New diesel locomotives make debut on MARC
Could deliverance for MARC riders be at hand?
In response to overwhelming interest among MARC riders. Getting There asked Maryland Department of Transportation Department spokesman Jack Cahalan for the latest on the new diesel locomotive that are expected to allow the commuter rail service to finally retire some of the venerable engines that have been hauling trains for more than three decades.
The news appears to be good.
Sun photo/Karl Ferron
As most MARC riders know, and others may recall, the new engines were introduced amid great ballyhoo last spring when Gov. Martin O'Malley rode one into Camden Yards for the cameras. But instead of helping to relieve MARC's traditional summer crunch, the first two of 26 locomotives to be delivered sat and sat while the state wrangled with the manufacturer over safety certifications.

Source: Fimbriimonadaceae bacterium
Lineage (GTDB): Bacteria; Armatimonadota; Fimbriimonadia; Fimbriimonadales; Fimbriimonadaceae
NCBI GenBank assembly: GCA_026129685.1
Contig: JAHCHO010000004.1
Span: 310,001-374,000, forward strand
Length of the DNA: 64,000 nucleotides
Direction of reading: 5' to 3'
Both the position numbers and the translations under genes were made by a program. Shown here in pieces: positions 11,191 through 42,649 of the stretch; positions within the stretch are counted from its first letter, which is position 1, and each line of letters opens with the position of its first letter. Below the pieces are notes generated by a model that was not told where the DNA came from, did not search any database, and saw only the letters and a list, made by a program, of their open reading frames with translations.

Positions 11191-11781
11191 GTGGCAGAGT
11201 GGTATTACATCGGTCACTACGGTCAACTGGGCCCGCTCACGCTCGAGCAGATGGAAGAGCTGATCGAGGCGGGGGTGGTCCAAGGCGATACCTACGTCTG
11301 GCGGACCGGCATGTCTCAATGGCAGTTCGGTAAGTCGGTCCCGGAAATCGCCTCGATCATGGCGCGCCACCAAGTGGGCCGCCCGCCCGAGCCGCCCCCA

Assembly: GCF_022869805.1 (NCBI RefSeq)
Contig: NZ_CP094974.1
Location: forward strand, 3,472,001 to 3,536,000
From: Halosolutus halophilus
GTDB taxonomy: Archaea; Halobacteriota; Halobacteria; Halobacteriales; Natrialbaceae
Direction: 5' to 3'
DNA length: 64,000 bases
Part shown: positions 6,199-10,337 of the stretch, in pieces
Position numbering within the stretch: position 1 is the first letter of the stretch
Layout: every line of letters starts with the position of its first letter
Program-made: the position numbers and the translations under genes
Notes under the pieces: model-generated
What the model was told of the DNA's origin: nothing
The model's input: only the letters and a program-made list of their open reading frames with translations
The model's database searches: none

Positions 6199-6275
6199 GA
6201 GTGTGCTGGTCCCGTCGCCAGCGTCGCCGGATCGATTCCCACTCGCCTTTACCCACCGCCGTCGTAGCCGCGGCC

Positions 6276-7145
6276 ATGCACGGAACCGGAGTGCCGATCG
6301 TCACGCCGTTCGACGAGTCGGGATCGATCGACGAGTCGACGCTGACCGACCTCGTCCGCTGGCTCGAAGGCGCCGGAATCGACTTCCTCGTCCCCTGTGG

The dispute was settled in the fall as the company agreed to perform the safety tests and certifications Maryland demanded -- at state expense. According to Cahalan, those certifications were completed Dec. 29. Two days later, the first of the MP 36 locomotives began what is known as revenue testing -- in which an engine hauls a train in actual serviice but with a backup engine on the train in case its fails.
Cahalan said that engine performed well in testing and now is operating well on its own -- having been used on the Camden, Penn and Brunswick lines. He said a second MP 36 began revenue testing Tuesday on the Camden Line.
The performance of both engines will be evaluated over a 30-day periiod, Cahalan said. After that, if they perform well, the state wil begin accepting the remaining 24 engines in its new diesel fleet at a rate of two a month. Should that occur without the hitch, the last of MARC's old, trouble-prone diesels would be retired by early next year.
Meanwhile, Cahalan reported, electrical upgrades have been completed on the last of four AEM-7 electric locomotives that had been sidelined on long-term disability for more than two years. Cahalan said Amtrak is expected to release that engine to MARC within two weeks.
The idling of the AEM-7 locomotives left MARC with a severe lack of reserve strength on its busy Penn Line, forcing it to substitute less powerful engines that could pull fewer cars. The result was severe crowding the MARC officials hope will soon be relieved.